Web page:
Sarrah Storey was first elected mayor of Fraser Lake in 2018 with 56.94 per cent of the votes. In 2022, she ran unopposed, taking the mayor’s chair by acclamation.
Filling out the four councillor positions at Fraser Lake council table are Jolene Webb 163 votes (68.5 per cent) and incumbents Audrey Fennema, 142 votes (59.7 per cent); Joe Jenkinson, 134 votes (56.3 per cent) and Craig Lepoidevin, 154 votes (64.7 per cent).
In 2018, Lepoidevin received the highest number of votes, 284 out of a possible 360.
Storey said being elected by acclamation is both a good and bad thing.
On the good side, it’s a sign of strong support from the community. On the bad side, you don’t get the platform to show what you accomplished or tell the public what you’re going to do in the next term.
“In order to fix that, I think I’m going to still put something out there to the community and let them know what we’re working on,” said Storey, adding it was interesting to watch the other candidates and how they handled the election process.
Storey, who runs the female mayors group in B.C., said there were some gains there, rising to 42 female mayors from 39 in 162 municipalities.
Storey told how she was dismayed to learn there is still an bias in politics, that some politicians are still willing to state that women shouldn’t be at the table.
“I thought that was really shocking. I didn’t think a man would actually say that out loud to any other human in this world,” said Storey, who was Fraser Lake’s first female mayor when she was elected in 2018. “I broke through some barriers fine. But for me personally, when I ran the first time, I did have comments of how you can do that as a woman.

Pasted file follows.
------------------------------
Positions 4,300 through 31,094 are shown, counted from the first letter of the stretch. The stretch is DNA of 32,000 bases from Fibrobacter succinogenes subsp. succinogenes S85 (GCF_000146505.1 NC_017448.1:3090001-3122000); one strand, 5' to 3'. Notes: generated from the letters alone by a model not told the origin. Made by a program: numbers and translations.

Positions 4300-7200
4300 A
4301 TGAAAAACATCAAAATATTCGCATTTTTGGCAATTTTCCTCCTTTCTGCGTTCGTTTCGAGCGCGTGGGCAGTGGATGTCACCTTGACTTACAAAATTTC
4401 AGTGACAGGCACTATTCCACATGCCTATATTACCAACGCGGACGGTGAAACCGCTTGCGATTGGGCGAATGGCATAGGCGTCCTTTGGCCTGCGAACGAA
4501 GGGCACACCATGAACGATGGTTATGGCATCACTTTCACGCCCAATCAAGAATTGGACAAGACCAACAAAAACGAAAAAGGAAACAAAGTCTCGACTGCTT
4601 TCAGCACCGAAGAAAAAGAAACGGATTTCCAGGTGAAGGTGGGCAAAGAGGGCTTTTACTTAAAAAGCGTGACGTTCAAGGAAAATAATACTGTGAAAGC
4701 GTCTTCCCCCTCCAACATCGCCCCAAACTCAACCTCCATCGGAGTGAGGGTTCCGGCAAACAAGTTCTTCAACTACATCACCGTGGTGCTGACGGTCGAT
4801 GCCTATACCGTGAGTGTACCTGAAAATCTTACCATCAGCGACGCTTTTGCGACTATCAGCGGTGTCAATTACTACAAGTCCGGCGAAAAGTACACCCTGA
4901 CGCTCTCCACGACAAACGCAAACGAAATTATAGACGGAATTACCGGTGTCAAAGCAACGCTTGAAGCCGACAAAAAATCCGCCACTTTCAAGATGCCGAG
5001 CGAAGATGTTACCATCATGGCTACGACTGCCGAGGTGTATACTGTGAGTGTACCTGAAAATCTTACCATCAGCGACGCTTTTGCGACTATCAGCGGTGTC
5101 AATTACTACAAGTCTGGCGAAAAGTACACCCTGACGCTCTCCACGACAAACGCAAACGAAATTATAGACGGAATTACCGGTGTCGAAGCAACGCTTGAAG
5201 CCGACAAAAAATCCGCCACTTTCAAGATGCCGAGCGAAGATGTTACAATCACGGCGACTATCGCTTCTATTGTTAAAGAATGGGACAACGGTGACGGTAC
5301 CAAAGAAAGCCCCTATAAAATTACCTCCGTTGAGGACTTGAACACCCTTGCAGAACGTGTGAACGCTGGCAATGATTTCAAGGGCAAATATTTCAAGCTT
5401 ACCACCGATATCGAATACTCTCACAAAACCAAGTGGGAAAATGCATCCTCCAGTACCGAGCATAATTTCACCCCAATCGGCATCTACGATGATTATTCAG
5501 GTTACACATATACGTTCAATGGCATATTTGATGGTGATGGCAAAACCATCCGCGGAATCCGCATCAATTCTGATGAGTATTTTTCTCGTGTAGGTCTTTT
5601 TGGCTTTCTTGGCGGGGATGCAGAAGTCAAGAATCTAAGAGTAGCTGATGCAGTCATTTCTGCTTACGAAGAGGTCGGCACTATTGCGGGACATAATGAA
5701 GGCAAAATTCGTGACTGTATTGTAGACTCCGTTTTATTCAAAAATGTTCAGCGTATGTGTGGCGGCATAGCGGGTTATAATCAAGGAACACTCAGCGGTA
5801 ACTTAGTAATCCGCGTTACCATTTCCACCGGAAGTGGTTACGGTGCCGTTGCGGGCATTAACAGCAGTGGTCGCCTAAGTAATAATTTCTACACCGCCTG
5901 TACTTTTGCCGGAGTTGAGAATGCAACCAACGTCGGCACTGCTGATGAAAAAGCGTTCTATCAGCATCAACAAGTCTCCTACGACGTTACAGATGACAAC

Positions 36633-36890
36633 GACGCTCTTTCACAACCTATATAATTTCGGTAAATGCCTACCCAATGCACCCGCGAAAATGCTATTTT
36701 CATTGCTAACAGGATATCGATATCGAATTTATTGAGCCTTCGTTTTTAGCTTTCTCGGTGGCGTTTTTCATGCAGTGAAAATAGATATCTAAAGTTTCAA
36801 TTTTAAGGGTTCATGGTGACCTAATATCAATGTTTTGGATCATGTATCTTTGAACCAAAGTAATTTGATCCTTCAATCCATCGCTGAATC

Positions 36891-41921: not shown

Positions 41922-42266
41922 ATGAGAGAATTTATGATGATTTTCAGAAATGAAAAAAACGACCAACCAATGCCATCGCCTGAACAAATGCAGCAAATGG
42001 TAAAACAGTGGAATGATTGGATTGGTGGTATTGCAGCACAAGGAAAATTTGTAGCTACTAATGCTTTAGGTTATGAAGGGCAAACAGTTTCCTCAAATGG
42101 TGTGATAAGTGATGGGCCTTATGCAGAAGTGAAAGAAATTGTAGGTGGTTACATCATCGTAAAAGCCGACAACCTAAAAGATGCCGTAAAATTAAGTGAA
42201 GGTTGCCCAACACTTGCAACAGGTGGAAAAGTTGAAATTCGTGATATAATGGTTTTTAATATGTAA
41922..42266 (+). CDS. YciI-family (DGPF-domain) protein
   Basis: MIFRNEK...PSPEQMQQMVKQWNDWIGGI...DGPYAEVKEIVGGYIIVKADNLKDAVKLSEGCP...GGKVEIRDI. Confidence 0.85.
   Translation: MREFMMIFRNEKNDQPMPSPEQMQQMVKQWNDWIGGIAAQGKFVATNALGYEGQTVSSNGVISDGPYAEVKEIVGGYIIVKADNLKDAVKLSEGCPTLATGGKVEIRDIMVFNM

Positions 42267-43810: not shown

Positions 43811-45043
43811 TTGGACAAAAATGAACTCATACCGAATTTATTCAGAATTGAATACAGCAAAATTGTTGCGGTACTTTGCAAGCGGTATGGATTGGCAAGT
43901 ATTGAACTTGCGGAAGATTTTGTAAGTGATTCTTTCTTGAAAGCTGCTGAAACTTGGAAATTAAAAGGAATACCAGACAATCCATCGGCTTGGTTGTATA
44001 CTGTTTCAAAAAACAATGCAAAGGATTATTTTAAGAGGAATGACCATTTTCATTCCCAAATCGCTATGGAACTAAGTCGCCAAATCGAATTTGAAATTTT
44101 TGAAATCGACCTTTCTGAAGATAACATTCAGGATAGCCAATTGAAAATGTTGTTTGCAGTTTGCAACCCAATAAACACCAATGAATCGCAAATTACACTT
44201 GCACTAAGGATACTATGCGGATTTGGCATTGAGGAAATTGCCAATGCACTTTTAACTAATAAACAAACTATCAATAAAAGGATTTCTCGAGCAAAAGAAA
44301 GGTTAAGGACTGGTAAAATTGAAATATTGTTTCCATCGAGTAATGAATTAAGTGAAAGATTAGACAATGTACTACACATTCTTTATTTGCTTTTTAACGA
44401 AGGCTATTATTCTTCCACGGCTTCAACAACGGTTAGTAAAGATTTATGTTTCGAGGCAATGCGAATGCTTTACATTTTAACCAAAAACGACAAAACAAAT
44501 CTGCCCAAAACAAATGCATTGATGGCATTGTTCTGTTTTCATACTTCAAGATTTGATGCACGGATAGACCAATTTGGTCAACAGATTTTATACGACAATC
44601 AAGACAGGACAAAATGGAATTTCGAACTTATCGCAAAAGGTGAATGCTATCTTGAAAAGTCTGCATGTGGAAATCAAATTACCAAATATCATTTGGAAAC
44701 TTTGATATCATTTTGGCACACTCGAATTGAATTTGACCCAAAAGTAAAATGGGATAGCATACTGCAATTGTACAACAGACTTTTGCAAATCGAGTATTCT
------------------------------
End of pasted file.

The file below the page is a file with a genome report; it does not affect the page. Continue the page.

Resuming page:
“I really do feel that there needs to be balance, a balanced council. It doesn’t need to be all men or all women. It just needs to be balanced because I think the viewpoints from men and women and people in general, just differ.
“I think you have to have well rounded. I think that’s a really important key takeaway from what I’ve learned over the years.”
Storey said she started work forging the new council even before polling day.
“All of them have something to offer and they would all be good candidates,” said Storey. “I gave them some information to help them all out.
“At the end of the day, what matters is we work together. You don’t necessarily have to agree with each other at this table but you have to respect each other. I have a group text message and I text them all and keep them in the loop of what’s going on and make them feel like they’re part of the team from day one.”
Having a supportive council that works together is vital, according to Storey.
“You need a you need a strong council that can help you. You can’t do it alone. And you shouldn’t you shouldn’t do it alone,” said Storey.
Dave Christie was elected to the School District 91 board of trustees for Endako, Fraser Lake and Fort Fraser with 203 votes (66.6 per cent)
Mark Parker was elected director (by acclamation) for Area D (Fraser Lake rural) of the Bulkley Nechako Regional District.
Fraser Lake had a relatively high turnout in 2018 at about 49 per cent, with 360 of a possible 742 voters choosing to exercise their privilege.